In recent years, concern about the zoonotic potential of parasites encountered in small animal practice has risen substantially.
In recent years, concern about the zoonotic potential of parasites encountered in small animal practice has risen substantially. Pet owners have greater access to information and misinformation through the internet and veterinarians have become more concerned about issues of liability where zoonotic diseases are concerned. While we know that zoonotic infections with several helminths of small animals do occur, the actual numbers of cases are difficult to establish because these are not usually notifiable diseases. Nonetheless, practitioners need to be prepared to discuss these parasites with their clients and should always have supplemental printed or on-line material available for clients. Generally speaking, medical students receive far less instruction in parasitology than veterinary students and the general perception of physicians appears to be that client education on zoonotic diseases is the responsibility of the veterinarian.
Two of the most common parasites of dogs, Toxocara canis and Ancylostoma spp, the common roundworm and hookworm, respectively, have received considerable notoriety for their ability to cause larva migrans in humans. Adult Toxocara canis infections are most common in puppies, although adult infections can be encountered in dogs of any age and a recent study found that infection of adult dogs with low numbers of eggs readily produced patent Toxocara infection. Transplacental transmission of worms from the somatic reservoir of female dogs leads to potentially heavy infections in puppies and ingestion of infective eggs will lead to additional adult worms. Toxocara female worms are very prolific and many thousands of eggs can be passed daily in the feces of an infected puppy. Transplacentally acquired infections have a prepatent period of 3 weeks in puppies. Toxocara eggs require about 3 weeks to develop to the infective stage in the environment so prompt removal of feces is a very effective way of controlling infection in a client's backyard. Infective eggs in the environment appear to be very persistent and numerous surveys of public parks and other areas show a high rate of contamination with infective eggs.
Human infection follows ingestions of the infective egg(s). Most human infections are asymptomatic, although some researchers have suggested that subclinical infection may also have impacts on health and a recent study using samples from a large nutrition survey by CDC found an association between diminished lung function and previous infection with Toxocara (Walsh, 2011). Overt clinical disease takes the form of visceral or ocular larva migrans. The CDC has estimated that there are at least 750 cases of ocular larva migrans annually in the U.S.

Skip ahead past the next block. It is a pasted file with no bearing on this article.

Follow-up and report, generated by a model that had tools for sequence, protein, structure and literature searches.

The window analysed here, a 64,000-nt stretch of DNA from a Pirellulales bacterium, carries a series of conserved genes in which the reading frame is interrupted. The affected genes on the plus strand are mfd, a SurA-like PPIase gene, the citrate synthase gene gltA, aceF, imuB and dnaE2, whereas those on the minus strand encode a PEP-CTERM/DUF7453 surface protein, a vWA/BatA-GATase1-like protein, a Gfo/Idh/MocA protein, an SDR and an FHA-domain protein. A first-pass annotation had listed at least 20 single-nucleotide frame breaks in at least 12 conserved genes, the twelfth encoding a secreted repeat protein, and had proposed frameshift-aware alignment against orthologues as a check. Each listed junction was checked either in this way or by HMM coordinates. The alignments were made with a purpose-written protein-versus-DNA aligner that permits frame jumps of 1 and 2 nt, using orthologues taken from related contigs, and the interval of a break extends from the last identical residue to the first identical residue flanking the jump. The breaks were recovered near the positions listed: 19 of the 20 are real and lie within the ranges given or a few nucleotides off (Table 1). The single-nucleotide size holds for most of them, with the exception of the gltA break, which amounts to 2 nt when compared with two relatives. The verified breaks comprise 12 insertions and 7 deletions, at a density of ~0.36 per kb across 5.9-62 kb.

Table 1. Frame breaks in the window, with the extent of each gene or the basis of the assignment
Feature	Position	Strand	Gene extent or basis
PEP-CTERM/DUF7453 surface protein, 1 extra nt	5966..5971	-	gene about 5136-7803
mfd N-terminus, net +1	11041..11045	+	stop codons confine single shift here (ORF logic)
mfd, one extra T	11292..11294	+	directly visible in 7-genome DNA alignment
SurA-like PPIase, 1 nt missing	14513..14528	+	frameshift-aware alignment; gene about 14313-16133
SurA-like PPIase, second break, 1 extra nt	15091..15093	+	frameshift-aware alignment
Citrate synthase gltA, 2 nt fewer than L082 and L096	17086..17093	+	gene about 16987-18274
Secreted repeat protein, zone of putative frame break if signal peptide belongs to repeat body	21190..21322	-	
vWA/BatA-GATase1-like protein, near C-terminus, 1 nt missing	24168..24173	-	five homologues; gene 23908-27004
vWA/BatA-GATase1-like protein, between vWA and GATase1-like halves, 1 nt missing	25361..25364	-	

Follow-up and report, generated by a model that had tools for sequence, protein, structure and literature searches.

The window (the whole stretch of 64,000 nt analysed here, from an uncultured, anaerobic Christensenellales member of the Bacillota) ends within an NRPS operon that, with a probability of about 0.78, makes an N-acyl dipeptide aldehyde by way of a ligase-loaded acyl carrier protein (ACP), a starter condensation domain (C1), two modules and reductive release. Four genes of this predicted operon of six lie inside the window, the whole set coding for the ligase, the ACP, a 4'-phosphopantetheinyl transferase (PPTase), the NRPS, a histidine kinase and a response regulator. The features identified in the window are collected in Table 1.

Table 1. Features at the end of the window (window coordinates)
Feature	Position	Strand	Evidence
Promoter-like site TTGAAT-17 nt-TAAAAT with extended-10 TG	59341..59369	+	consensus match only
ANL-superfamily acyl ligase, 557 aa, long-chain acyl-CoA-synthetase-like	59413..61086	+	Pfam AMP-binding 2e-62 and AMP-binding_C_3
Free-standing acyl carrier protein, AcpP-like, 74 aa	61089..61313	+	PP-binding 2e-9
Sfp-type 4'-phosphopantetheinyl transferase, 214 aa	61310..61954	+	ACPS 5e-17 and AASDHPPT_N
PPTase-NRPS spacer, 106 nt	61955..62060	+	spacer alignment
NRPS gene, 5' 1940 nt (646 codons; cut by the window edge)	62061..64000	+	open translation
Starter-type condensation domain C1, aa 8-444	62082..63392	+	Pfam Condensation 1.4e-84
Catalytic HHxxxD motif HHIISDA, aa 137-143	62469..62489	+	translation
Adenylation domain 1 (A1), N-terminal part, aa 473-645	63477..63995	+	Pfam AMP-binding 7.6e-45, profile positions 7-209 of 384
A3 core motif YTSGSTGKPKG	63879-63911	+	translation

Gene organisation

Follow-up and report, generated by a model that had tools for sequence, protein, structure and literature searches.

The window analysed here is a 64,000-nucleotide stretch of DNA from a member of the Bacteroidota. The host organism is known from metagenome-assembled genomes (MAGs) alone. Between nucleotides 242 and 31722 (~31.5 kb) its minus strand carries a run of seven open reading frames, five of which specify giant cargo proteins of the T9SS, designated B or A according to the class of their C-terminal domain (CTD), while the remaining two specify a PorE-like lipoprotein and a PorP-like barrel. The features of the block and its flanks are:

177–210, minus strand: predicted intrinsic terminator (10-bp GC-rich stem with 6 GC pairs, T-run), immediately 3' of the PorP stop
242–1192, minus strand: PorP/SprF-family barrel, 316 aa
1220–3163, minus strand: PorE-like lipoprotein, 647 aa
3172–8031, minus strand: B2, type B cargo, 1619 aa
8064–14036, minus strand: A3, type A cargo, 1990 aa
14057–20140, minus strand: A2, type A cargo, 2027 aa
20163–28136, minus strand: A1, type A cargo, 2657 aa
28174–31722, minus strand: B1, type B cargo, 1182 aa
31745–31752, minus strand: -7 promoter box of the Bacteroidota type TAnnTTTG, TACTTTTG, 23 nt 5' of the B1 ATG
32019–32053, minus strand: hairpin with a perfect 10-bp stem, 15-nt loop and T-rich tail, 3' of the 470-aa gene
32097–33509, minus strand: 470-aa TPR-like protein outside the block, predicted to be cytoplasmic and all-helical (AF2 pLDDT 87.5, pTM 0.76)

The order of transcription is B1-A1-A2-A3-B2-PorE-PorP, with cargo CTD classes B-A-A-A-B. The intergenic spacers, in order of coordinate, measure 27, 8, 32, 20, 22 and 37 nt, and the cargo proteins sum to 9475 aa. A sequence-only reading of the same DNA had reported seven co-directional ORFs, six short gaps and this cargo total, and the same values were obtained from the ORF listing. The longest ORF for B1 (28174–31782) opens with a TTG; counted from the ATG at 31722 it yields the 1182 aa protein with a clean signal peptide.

Although Toxocara cati infection can also cause larva migrans, it appears to cause disease much less frequently than T. canis. Another ascarid found in raccoons, Baylisascaris procyonis, can produce severe and often fatal cases of visceral larva migrans. Any veterinarian or other individuals in contact with raccoons should deworm animals for this ascarid and dispose of raccoon feces promptly. Raccoons are common in many parts of the U.S. and feces deposited in backyards and public areas should also be removed. Adult Baylisascaris can be effectively treated with fenbendazole (50 mg/kg PO daily for 3 days) or pyrantel (20 mg/kg PO). Occasionally, dogs may develop patent B. procyonis infections.
Ancylostoma caninum is the most common canine hookworm in the U.S. Ancylostoma braziliense is also found in dogs and cats in the Gulf Coast region and Caribbean. Uncinaria stenocephala in dogs and cats and A. tubaeformae cats have little importance as zoonotic infections in the U.S. Once hookworm eggs are passed in the feces, larvae are formed and the eggs hatch. Development to the infective stage can occur in a few days in hot weather so prompt removal and disposal of fecal material is important. Larvae are able to penetrate the skin of the host and this is a common route of infection for dogs. Larvae will also penetrate the skin of other animals as well, causing the condition in humans know as cutaneous larva migrans. Even without treatment hookworm larvae will probably be killed by the human inflammatory response, but lesions can be very irritating and patients usually seek treatment. Ancylostoma braziliense larvae appear to penetrate human skin more aggressively than those of A. caninum, increasing the risk of CLM in areas where A. braziliense is found.